The pastor is one who believes not only that he has died, but that he was purchased by the precious blood of Christ. In other words, the pastor knows that God owns him, he’s been ransomed. This reality has profoundly practical implications not least of which is the understanding that God gets to do with us whatever he determines. We belong to God and, therefore, sing from the heart,

Oh Father, use my ransomed life
In any way You choose
And let my song forever be
My only boast is You 8Jordan Kauflin, All I Have is Christ (Sovereign Grace Praise), 2008.

As a purchased people we are resolved to “glorify God in [our] body.” We don’t live to make ourselves look great, but God. As “those who live” we “no longer live for [ourselves] but for him who for [our] sake died and was raised” (2 Corinthians 5:15). Our days exist “no longer for human passions but for the will of God” (1 Peter 4:2). This kind of thinking is diametrically opposed to personality driven ministry.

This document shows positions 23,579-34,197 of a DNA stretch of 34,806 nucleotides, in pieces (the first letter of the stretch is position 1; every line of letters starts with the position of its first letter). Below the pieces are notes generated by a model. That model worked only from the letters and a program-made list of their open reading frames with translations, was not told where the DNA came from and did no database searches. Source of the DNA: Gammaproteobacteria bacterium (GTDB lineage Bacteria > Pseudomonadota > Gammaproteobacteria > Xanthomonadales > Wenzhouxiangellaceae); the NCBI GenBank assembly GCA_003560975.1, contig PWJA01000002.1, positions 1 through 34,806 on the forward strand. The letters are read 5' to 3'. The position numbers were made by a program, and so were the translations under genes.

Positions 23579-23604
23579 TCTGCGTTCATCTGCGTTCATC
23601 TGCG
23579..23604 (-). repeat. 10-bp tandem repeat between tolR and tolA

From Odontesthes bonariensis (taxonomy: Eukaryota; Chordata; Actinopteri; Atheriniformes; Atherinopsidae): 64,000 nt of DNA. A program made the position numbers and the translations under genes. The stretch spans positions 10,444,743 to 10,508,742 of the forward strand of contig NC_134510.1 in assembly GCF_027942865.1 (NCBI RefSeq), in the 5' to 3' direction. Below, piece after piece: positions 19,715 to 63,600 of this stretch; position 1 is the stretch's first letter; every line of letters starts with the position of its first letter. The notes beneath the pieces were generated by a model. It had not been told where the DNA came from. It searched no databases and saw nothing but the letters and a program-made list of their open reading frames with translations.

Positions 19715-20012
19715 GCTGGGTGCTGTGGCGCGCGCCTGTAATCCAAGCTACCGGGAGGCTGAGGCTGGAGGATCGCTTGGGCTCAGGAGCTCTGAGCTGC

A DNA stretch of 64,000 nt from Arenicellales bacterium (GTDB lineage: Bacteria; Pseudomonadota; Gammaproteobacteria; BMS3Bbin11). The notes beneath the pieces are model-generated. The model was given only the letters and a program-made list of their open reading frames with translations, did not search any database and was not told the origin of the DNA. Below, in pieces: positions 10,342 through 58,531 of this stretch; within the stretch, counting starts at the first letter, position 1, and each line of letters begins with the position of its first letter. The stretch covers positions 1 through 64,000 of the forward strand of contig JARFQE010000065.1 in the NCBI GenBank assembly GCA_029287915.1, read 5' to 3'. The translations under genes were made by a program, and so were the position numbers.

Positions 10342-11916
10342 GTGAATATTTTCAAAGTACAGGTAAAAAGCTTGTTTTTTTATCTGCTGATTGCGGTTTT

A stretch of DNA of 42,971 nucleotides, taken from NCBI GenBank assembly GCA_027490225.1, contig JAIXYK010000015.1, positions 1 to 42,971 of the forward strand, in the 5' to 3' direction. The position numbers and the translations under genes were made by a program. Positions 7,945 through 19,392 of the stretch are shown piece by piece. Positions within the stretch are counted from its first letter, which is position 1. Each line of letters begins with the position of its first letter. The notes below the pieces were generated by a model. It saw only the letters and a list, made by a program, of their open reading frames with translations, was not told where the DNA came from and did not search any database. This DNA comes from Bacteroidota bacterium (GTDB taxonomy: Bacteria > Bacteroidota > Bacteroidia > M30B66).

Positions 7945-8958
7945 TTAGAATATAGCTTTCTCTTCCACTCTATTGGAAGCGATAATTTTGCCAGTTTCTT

The third conviction a pastor must have is that the applause of God is infinitely better than the applause of man. Consider the breathtaking reality of Romans 2:29, “But a Jew is one inwardly, and circumcision is a matter of the heart, by the Spirit, not by the letter. His praise is not from man but from God.” How can it be that God will praise us? Add to this Zephaniah 3:17, “The LORD your God is in your midst, a mighty one who will save; he will rejoice over you with gladness; he will quiet you by his love; he will exult over you with loud singing.” How can it be that God will exult over us with loud singing? It’s possible because God “has blessed us in Christ with every spiritual blessing in the heavenly places” (Ephesians 1:3). In Christ we have the everlasting favor of God, all omnipotence for us forever. Pastors are free from craving the fleeting applause of man knowing that we have a far greater ovation from the Lord. Indeed, in Christ we have God rejoicing over us with gladness. Why would pastors long for fifteen minutes of fame when we have the eternal applause of God? To adapt a song from the great Reformer, “Let conferences and book deals go, this mortal life also; my name may not thrill, God’s truth abideth still; his kingdom is forever.”